The pony was led to one side and tied to a ring in the wall. A bucket of water was placed next to it. Minceley was ushered away into the central complex.

Vorn permitted himself the luxury of stretching, and a silent prayer of relief and thanks. Now he could get to work in earnest. Minceley had done his job. It hardly mattered what became of him now. Elvis is in the building.

Vorn was good at what he did, and a veteran of so many covert missions, that the next few minutes passed in the same mental state as a window-cleaner cheerfully whistling as he prepared for work. Though every mission was unique, the basic technique never varied. Assess. Don't rush. If there is no particular deadline, take all the time you need. Gather all possible information. Don't act until you've learned all that you can.

The spy-eyes were sent out. Since Vorn had every expectation that the fortress was filled with surveillance systems, they were set to passive scan, which meant he had to wait for them to automatically rove the area, returning to him after a preset time to download their gleaned information. He would have loved to have dared a direct link, seeing live through the eye as it hovered along, but he couldn't risk it that the transmission might be detected.

Nevertheless, it was only fifteen minutes or so before Vorn had a fairly good plan of action. There seemed to be a huge central control room – cathedral-like in its proportions, which seemed to be Sondin's intelligence central. Many of the fortress's defence systems seemed to be controlled from there also. Vorn rubbed his chin. If he could not take out Sondin himself, sabotaging that room might offer a good chance for weakening the fortress badly enough for it to be taken by force. The allied forces were watching for just such an opportunity. There was also a good chance that Sondin himself might frequent such a nerve-centre, unless he left it to underlings to collate the assembled data and present it to him elsewhere. But it was a good place to begin.

The route was, naturally, not an easy one. Guard patrols were frequent, and convenient cover was scant. Spy beams criss-crossed access-ways at frequent intervals. Air-conditioning vents frequently offered a way to escape the human guards, but were not useful as passages – straight-ways were usually protected by the simple expedient of a pulsing disintegration beam that fired at random intervals down the shafts. Spy-eyes could get through, but a human, no.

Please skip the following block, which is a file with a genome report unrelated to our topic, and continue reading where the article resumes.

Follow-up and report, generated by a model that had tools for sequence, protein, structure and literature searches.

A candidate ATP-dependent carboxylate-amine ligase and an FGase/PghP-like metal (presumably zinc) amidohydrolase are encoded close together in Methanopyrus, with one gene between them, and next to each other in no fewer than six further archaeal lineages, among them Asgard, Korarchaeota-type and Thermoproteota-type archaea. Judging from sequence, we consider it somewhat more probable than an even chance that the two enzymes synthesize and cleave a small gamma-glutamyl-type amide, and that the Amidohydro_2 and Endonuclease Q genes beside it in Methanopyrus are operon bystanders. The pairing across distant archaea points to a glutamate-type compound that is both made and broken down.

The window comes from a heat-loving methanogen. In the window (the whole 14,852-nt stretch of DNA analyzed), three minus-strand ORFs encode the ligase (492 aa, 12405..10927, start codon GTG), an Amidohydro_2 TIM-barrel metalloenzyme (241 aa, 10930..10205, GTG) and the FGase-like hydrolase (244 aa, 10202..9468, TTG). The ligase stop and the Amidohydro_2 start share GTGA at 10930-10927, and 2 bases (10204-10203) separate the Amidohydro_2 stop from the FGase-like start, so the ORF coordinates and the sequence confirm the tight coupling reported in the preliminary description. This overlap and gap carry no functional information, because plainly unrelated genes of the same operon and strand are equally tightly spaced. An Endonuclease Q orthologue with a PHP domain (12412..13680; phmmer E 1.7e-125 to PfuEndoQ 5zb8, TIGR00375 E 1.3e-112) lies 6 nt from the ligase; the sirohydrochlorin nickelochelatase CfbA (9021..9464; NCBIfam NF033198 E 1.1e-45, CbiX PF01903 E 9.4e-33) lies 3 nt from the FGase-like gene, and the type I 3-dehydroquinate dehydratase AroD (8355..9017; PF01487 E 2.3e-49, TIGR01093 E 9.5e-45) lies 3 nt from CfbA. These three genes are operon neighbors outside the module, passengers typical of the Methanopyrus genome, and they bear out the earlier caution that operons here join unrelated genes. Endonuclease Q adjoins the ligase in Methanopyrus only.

Nevertheless, he gradually progressed. The security was impressive, but prone to the weakness that all really good security systems paradoxically accrue: overconfidence on the part of the rebels. The security was all there, but the security forces were complacent in the strength of the external shields. Here and there, a storage room was left unlocked. Now and again, particularly in places where patrols were frequent, laser-mesh gates were left deactivated between patrols. Confidence growing, Vorn managed to reach one of the doorways to the master control centre.

Getting in would be tricky, but hiding in the entrance to an air-con duct (with a disintegrator pulsing about five centimetres clear of his tightly curled body), he patiently reassessed the options. Periodically, lone technicians would enter and leave through the door. There was a combination pad, and a palm-print, and Vorn suspected the technicians' security passes also sent a transponder code. A little delving with a spy-eye, which didn't just relay camera information but scanned for communication signals and read electrical patterns in machinery, and he was able to disable a couple of critical systems in the door security. Those remaining were child's play to circumvent. Patiently waiting for the next lone technician, Vorn shot him with a sleep needle. Relieving the comatose rebel of a few key items and most of his clothing, the unfortunate sleeper was rapidly disposed of by the simple expedient of shoving him into the air vent until the disintegration ray took care of things. Vorn donned the man's clothing, typed in the man's witnessed combination code, ignored the now-over-ridden palm scanner, and let the rebel's pass assure the security system that he had every right to be there. The door opened. Vorn stepped through, ready for anything.